My candle burns at both ends;
It will not last the night. - Edna St. Vincent Millay
Setting the world on fire comes with risks. Unfortunately, we usually don't realize this until the smoke gets in our eyes.
Burnout is a condition caused by unbalance: too much work or responsibility, too little time to do it, over too long a period. We've been cruising in the fast lane but we've been running on fumes rather than on fuel. Often we think that burnout is something that just happens to other people, to workaholics and perfectionists. But it happens to anyone who cares too much and over-commits. It's easy to do!
· It's burnout when you go to bed exhausted every night and wake up tired every morning - when no amount of sleep refreshes you, month after month.
· Burnout is when everything becomes too much effort: combing your hair, fixing a meal or even going out to dinner.
· It's burnout when neither big thrills nor little moments have the power to move you.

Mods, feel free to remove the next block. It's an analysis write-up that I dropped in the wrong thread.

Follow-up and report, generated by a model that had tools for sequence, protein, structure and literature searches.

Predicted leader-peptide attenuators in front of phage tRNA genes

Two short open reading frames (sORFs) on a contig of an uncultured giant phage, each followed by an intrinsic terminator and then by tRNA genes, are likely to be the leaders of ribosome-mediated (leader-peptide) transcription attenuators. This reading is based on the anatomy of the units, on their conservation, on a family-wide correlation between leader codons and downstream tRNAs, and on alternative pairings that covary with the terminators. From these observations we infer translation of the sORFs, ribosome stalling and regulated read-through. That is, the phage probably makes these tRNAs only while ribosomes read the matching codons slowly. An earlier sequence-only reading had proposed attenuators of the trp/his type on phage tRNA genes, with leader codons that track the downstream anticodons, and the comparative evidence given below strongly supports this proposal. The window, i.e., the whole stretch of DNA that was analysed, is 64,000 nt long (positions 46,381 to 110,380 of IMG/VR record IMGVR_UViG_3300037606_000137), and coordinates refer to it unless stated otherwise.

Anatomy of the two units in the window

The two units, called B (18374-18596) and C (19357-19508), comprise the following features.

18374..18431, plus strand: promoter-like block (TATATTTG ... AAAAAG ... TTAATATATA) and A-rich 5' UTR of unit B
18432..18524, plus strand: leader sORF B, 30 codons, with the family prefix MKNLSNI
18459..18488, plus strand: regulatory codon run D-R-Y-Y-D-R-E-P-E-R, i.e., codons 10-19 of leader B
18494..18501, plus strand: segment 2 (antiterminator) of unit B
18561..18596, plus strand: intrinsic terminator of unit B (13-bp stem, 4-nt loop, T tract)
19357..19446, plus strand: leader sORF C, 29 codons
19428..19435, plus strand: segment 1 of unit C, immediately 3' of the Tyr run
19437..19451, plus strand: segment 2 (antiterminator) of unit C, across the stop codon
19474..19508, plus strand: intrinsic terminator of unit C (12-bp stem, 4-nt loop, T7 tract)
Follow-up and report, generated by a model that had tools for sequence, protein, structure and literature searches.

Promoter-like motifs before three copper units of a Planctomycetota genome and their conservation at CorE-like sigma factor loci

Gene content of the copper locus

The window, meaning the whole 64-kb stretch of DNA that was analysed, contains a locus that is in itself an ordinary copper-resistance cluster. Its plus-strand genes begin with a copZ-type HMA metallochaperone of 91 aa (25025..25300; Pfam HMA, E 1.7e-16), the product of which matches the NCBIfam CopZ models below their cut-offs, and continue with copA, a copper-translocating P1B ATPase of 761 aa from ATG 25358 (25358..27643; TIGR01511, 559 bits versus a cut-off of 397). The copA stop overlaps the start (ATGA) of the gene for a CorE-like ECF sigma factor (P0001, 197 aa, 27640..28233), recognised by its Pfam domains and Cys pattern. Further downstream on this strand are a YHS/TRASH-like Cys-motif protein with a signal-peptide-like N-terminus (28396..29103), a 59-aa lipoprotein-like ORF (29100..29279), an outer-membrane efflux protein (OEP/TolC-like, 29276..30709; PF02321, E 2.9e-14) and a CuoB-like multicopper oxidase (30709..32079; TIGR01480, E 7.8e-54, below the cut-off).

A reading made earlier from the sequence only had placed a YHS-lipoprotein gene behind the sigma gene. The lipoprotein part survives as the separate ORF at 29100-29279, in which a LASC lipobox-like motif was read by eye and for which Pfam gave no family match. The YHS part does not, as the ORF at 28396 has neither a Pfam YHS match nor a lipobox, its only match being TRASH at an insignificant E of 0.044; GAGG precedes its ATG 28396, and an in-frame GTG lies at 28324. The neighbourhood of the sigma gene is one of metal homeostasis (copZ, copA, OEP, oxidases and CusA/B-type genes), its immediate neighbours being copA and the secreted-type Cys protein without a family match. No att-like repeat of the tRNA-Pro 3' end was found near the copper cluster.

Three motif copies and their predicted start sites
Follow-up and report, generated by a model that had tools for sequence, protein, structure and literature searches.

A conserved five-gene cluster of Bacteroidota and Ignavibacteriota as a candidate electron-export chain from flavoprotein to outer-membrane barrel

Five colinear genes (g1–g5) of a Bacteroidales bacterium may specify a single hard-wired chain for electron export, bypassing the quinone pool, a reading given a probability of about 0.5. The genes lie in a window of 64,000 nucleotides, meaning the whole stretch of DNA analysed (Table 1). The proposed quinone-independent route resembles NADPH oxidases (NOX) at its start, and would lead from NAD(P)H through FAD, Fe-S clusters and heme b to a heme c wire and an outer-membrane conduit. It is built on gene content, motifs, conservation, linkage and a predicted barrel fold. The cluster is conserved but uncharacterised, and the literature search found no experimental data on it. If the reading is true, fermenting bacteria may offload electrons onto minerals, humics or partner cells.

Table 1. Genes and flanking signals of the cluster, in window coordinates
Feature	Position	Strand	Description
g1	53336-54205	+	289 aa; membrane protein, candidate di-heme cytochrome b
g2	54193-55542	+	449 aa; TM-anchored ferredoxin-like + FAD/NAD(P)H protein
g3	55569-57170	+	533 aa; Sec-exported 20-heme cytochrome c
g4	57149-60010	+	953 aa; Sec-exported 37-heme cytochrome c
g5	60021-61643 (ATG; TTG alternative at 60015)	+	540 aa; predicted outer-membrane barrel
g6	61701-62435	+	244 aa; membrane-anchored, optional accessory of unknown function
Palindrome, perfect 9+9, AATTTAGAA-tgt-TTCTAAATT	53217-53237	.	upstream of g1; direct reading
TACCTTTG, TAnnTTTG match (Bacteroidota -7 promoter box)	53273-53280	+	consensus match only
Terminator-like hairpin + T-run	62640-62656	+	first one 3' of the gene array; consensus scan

What to do?
If you suspect that you are facing burnout and have that exhausted stressed-out feeling, take time throughout the day to stop and take a few deep breaths and remind yourself that in ten years this is not going to make a bit of difference.
Just slow down! You are more important that whatever is going on! Find a good book to read or rent a few movies and allow yourself at least an hour a day, every day, to relax and enjoy yourself. Or have coffee with a friend, or a massage, or go for a walk along the beach, or take a bubble bath complete with candles and aromatherapy and just soak up the soothing warmth. Taking time every day for yourself can head off that body-depleting, soul-snuffing case of burnout!
Now that you are ready to consider omitting activities from your busy schedule, we ask you to consider adding one more: The Red Hat Society. You won’t regret it. Picture periodically claiming a few hours of girl-time for yourself, enjoying care-free chatter and fun with friends. It enriches the soul.
(Adapted from: Simple Abundance Day Book of Comfort and Joy, by Sarah Ban Breathnauch)